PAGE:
As domestic travel gradually resumes in the APAC region, Director of International Sales for Swire Hotels, Chrissie Lincoln talks to us about the nuances of her market, and reflects on how APAC hotels can adapt to a new normal post Covid-19.
How do you think hotels in APAC have responded to the Covid-19 pandemic? Any thoughts on the lessons learned?
Hotels in APAC (particularly within Hong Kong and China that I know well, as so many of our hotels are located here) have responded more swiftly than most. From initial closures in the early stages to heightened sanitisation protocols for re-opening, the experience gained from living through previous outbreaks, such as SARS has been key to informing the region’s crisis response now. That said, a key learning has definitely been around adapting to an as yet uncertain timeline for the resumption of international travel, and adjusting to that. But we also see that as an opportunity to reach new customers in more local markets.
For most hotels the focus has been on survival; preserving cash, and retaining staff where possible etc. As travel starts to resume what strategies should hotels in the region be adopting in the current climate?
It has to come down to people. Our people are our biggest asset and retaining them and ensuring staff are safe and well is a key focus. While occupancy has been low, we have used this time to retrain, implement new systems and renovate. Training during this period has been very important, and regular updates with all team members regarding the various new protocols we’re putting in place have been paramount so that the guest experience is immediately one of safety, and confidence in that safety, as well as one of high comfort and the same levels of personalised service our guests are accustomed to.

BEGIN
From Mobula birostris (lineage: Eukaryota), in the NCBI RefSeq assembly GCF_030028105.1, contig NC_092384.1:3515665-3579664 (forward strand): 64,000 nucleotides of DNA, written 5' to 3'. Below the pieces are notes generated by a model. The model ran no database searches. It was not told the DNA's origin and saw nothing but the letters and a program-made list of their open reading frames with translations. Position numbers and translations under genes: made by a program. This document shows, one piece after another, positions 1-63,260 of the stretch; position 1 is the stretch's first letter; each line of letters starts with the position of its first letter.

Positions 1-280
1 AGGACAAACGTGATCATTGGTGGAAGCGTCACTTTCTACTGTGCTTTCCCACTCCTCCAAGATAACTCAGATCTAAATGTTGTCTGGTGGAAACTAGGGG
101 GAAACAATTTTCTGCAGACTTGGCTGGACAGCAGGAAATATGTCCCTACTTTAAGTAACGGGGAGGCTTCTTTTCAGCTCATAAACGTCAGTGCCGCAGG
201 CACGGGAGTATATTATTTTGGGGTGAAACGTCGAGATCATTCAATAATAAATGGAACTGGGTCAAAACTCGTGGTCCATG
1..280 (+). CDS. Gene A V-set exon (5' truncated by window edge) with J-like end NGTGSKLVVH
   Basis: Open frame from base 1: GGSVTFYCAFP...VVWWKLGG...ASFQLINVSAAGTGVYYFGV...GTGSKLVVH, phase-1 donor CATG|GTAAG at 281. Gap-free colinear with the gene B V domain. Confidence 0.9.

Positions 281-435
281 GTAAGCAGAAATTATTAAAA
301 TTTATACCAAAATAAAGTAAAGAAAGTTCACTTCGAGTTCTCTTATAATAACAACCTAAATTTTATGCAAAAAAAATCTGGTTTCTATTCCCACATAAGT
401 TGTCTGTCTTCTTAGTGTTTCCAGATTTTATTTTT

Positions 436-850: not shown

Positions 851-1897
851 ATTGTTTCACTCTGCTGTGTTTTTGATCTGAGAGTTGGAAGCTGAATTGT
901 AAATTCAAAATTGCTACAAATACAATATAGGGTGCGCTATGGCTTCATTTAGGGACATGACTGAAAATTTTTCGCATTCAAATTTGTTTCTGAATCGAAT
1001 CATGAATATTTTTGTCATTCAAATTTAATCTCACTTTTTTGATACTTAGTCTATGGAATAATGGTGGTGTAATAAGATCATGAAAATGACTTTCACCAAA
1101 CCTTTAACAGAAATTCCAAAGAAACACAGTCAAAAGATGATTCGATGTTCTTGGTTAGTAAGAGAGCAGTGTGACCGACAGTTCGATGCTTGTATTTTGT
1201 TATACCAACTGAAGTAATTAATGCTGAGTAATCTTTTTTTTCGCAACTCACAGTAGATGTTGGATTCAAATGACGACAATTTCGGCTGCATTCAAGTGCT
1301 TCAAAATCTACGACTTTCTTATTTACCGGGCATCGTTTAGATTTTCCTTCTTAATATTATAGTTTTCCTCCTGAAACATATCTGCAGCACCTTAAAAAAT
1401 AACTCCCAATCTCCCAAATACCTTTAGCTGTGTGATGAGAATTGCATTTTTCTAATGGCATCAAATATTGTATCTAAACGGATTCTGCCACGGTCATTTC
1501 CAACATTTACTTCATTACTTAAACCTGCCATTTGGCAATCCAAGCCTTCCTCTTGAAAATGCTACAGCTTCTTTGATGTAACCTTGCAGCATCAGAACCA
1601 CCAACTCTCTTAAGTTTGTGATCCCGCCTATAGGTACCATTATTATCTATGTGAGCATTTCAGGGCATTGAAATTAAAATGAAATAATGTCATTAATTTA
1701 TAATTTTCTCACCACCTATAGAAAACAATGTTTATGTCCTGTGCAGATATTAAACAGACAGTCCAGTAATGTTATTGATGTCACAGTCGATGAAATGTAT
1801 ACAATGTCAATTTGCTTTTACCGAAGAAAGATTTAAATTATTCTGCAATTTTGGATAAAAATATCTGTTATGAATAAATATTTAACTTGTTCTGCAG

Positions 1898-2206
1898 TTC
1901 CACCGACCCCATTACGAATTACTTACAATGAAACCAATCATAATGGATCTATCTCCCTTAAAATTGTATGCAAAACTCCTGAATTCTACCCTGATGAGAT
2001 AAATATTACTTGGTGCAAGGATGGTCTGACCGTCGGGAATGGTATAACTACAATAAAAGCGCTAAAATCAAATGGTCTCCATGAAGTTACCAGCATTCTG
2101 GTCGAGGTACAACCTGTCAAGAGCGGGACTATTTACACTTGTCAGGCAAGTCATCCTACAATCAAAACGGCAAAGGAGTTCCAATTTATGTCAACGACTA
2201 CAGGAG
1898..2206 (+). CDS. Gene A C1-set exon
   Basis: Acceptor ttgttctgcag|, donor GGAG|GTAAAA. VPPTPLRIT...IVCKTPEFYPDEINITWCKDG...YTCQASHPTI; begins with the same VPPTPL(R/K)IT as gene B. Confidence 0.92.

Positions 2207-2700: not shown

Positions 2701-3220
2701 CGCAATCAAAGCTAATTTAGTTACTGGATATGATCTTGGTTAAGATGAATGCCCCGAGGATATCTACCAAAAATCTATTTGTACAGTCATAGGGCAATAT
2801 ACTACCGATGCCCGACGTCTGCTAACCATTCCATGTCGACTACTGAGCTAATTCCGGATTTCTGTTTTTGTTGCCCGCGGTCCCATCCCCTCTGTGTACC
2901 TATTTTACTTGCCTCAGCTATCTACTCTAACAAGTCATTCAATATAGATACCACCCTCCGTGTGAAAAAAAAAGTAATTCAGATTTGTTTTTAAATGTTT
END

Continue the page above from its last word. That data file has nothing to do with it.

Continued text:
What is different about the hotel industry / market in APAC, compared with Europe and the USA for example?
As mentioned, in the context of this outbreak, Asian hotels have been better placed to adapt existing guidelines, policies and procedures to address the specific risk mitigation requirements of this new outbreak in a quick and efficient manner, probably more so than those on other continents.
Furthermore, as practices such as the wearing of masks is second nature in our cities, especially if someone is feeling unwell, it is not something that our domestic visitors struggle to understand. So, for us the response and change has been more focused on adapting our existing playbook to where we are today – such as communication through social media which wasn’t so prominent in previous years - rather than affecting behavioural change.
The pandemic has shown that when needed organisations can take certain decisions and implement them quickly. What do you think this means for hotels in terms of the future application and role of technology?
The rise in the use of technology has been indisputable. Before the pandemic, guests were already increasingly using smartphones for things like payments, reading menus and checking in. However, with high levels of hygiene now a necessity, the use of technology through this aspect of the guest experience has accelerated. Beyond this base, but important, element, is the overall move towards a more contactless approach. Amid these factors, guests will have choices – including to go where service isn’t perhaps as compromised due to the virus, or a move to contactless. In our case, we’re committed that just because some of our processes and offerings have transitioned to technology (which of course can also include a number of premium in-room features), it does not mean the service ethic and soul behind the brand is compromised.